5. In Michigan, battle has been very publicly joined over child-sex-abuse SOL window legislation. As usual, the Catholic Conference is lobbying against it, but the bill's proponents have found passionate sponsors and remain committed to its passage.
6. In Wisconsin, too, the battle over child-sex-abuse SOL reform continues, with victims lined up on one side and the Catholic Conference on the other. In 2010, the legislation came closer to passage than at any time in the past. A bipartisan vote sent it out of the Assembly committee, hearings in both Houses went extremely well, and the press coverage was positive. The legislation will be re-introduced.
7. In 2010, Arizona considered child-sex-abuse SOL window legislation for the first time. However, the Catholic Conference lobbied hard, and succeeded in getting the language amended so that the SOL window would have applied only against a "defendant's direct or intentional conduct." In other words, under Arizona's bill, institutional negligence or recklessness in supervising or retaining abusing employees would not have been sufficient to allow a victim to take advantage of the SOL window. This amendment was quite obviously crafted to aid religious and other private institutions in avoiding liability for their actions in covering up the identities of abusing employees, and in creating the conditions for abuse. The watered-down bill died in committee, and tragically, Arizona continues to have one of the most restrictive SOLs for child-sex-abuse victims in the country.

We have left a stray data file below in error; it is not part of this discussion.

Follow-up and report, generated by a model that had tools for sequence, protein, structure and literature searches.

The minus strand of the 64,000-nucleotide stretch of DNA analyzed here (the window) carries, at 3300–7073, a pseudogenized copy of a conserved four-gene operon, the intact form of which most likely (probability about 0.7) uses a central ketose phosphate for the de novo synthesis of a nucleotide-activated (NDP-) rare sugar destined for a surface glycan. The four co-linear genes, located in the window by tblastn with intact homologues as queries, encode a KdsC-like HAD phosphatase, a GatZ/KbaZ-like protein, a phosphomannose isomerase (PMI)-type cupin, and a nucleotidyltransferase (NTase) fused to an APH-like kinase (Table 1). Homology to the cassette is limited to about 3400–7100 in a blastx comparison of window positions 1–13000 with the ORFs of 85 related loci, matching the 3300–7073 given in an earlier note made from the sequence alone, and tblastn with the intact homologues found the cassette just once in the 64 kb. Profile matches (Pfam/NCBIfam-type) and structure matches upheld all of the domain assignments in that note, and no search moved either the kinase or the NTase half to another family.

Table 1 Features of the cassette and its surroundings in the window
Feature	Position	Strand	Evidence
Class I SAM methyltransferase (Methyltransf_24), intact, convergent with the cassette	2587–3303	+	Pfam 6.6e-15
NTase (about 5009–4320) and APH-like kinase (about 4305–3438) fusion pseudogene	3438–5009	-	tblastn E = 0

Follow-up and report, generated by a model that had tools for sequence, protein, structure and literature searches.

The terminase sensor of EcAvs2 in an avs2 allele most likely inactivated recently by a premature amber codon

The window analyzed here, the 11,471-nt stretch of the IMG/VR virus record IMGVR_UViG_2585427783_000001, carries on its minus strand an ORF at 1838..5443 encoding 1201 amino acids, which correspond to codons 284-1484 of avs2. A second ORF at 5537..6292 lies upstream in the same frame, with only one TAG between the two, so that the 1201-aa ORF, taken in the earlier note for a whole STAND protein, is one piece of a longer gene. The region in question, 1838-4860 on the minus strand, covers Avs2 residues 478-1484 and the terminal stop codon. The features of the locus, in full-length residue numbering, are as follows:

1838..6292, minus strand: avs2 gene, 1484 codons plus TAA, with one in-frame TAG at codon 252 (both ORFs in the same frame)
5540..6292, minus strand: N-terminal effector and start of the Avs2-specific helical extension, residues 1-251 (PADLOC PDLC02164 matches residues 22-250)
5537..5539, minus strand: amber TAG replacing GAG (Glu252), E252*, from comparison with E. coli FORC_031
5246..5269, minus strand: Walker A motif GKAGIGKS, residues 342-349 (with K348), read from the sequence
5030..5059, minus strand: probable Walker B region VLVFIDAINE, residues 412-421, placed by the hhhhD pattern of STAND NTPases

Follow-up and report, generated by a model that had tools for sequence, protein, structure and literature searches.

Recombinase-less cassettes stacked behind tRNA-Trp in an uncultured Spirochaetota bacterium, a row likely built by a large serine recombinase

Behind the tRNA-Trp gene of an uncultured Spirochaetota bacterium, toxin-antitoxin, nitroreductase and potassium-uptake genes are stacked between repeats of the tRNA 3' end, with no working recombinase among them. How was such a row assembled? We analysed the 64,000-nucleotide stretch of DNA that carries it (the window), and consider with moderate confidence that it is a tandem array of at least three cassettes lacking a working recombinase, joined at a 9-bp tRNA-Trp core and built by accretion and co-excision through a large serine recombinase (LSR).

8. The most disreputable 2010 child-sex-abuse SOL legislative "reform" law in the United States was enacted by the South Dakota legislature. For years, Catholic clergy inflicted horrendous abuse against Native American children in St. Joseph Indian School. A defense attorney for the school crafted SOL "reform" that actually retracted options the victims otherwise would have had, under prior law. Specifically, the new law prohibits any victim over the age of 40 from suing anyone other than the direct perpetrator. Thus, even if an institution knew an employee was abusing children and did nothing about it, the institution would still be immune under the new law. The new law has shut down many meritorious cases involving Native American victims, and it represents the first instance in which Catholic lobbyists have obtained SOL reform that targets a particular ethnic group.